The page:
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3 Reasons to Buy Bank of America

Bank of America (NYSE: BAC  ) has seen its stock rise almost 75% over the last year. Have investors missed the boat? I don't think so, and here's why.

1. Strong business performance
At first glance, the performance of Bank of America likely leaves something to be desired. Through the first nine months of the year, its return on average assets and return on equity when compared to peers pales in comparison, as shown in the chart below:


Return on Average Assets

Return on Average Equity

Bank of America



Citigroup (NYSE: C  )



Wells Fargo (NYSE: WFC  )



JPMorgan Chase



Source: Company Earnings Reports.

While Bank of America wasn't the only bank hit by the crumbling of the housing market, it has seemingly been the one most affected by it. However, if you look at the actual performance of its other business lines, the picture looks much better.

Source: Company Earnings Reports.

In fact, apart from the slight decline in its Global Banking business (which saw a $400 million gain from its provision for credit losses in 2012, versus a $600 million expense in 2013), each line of business has watched its net income grow in dramatic fashion relative to last year:

Source: Company Earnings Reports.

It is notable that Bank of America has watched its business line net income rise by 10% over the past year, from $10.8 billion to $11.9 billion. And you can see in the comparison against its peers that things look much better than at first glance:

Source: Company Earnings Reports.

Certainly the legal costs and losses on its mortgage portfolio are not to be discounted, as those are tangible dollars that Bank of America cannot give to its to shareholders, but the performance of its actual underlying business units is in fact quite strong. At some point, those payouts will cease, and Bank of America will be a radically different bank than the one it is seen as today.

2. It's reducing its expenses while growing its businesses
While Bank of America has been dubbed too big to fail, one of the biggest problems with it previously was that it had simply become too big too fast.

Through its distressing acquisition of Countrywide and messy acquisition of Merrill Lynch during the depths of the financial crisis, the company seemingly overextended itself under the guidance of former CEO Ken Lewis. It has taken years to slowly shed assets (and liabilities) that simply weren't part of its core operations, and it probably still isn't finished in these efforts.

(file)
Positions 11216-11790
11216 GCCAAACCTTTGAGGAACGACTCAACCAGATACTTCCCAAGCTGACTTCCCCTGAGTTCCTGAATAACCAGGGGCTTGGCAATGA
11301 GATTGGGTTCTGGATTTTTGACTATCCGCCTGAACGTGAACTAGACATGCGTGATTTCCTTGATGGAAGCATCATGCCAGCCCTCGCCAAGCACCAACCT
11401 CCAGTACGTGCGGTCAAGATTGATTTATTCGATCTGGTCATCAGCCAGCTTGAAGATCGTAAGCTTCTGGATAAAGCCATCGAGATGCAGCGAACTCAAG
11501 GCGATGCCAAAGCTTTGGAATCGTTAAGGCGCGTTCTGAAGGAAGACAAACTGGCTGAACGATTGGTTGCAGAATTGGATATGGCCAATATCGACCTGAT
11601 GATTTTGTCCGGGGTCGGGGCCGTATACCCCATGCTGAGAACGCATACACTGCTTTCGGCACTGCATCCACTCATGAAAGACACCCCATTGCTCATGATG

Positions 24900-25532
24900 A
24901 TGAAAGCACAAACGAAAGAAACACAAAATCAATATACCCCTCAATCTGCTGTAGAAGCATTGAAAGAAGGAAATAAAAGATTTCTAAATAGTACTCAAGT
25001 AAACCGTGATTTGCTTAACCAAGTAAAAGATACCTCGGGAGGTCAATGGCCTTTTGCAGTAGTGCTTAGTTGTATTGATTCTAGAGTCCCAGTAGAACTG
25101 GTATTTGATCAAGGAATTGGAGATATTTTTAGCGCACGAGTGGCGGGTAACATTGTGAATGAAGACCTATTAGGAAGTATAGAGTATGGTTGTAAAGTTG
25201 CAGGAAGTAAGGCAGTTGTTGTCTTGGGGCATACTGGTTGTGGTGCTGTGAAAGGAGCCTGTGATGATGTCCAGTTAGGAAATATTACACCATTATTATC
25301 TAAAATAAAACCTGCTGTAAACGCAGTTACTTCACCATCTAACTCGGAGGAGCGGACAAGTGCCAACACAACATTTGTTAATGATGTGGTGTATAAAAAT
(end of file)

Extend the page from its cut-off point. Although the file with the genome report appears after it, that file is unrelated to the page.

But the reality remains it has seen marked improvement on the expense front, as evidenced by its efficiency ratio (which measures the cost it takes to get each dollar of revenue) finally moving in the right direction:

Source: Company Earnings Reports.

Where have these improvements come from? Well, the bank is finally beginning to unwind and slow down many of the costs associated with its mortgage unit, and its litigation expenses are also beginning to taper off. But just slashing expenses isn't enough -- a company has to grow its business, too, and Bank of America has executed in this regard as well.

Consider that in the third quarter, Bank of America issued over a 1 million new credit cards, grew the assets in its brokerage business by 18% over the prior year, and added 33% more small business loans. And all of that was simply in its consumer bank.

In fact, it did all of that while decreasing its branch count by 5% to 5,243. On the other side of the spectrum, its Global Banking business had the No. 1 position in the Americas with 11%, and was ranked No. 2 in the world with 7.7% market share.

Bank of America's Wealth and Investment Management business saw its assets under management increase by more than 7% versus the third quarter of last year, and it delivered record asset management fees of $1.7 billion. This all came while the number of financial and wealth advisors fell by 7%.

Bank of America is now proving that it can operate efficiently all while maintaining a strong business presence and continually delivering results.

3. It's cheap
Despite its recent run, the bank's stock is still incredibly cheap. As it stands, its price to tangible book value, which measures the premium investors are willing to pay for actual equity at a bank, is among the lowest in the industry:

Source: Company Earnings Reports.

As you can see, Bank of America is trading at a significant discount relative to its peers. And when you consider that it is has delivered strong performance this year, it's poised to continue its growth, and it is cheap, it makes a rather compelling reason to consider investing in this bank.

Beyond the banks
Bank of America had an incredible run in 2013, and the market itself stormed out to huge gains across 2013, leaving investors on the sidelines burned. However, opportunistic investors can still find huge winners. The Motley Fool's chief investment officer has just hand-picked one such opportunity in our new report: "The Motley Fool's Top Stock for 2014." To find out which stock it is and read our in-depth report, simply click here. It's free!

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Patrick Morris

After a few stints in banking and corporate finance, Patrick joined the Motley Fool as a writer covering the financial sector. He's scaled back his everyday writing a bit, but he's always happy to opine on the latest headline news surrounding Berkshire Hathaway, Warren Buffett and all things personal finance.

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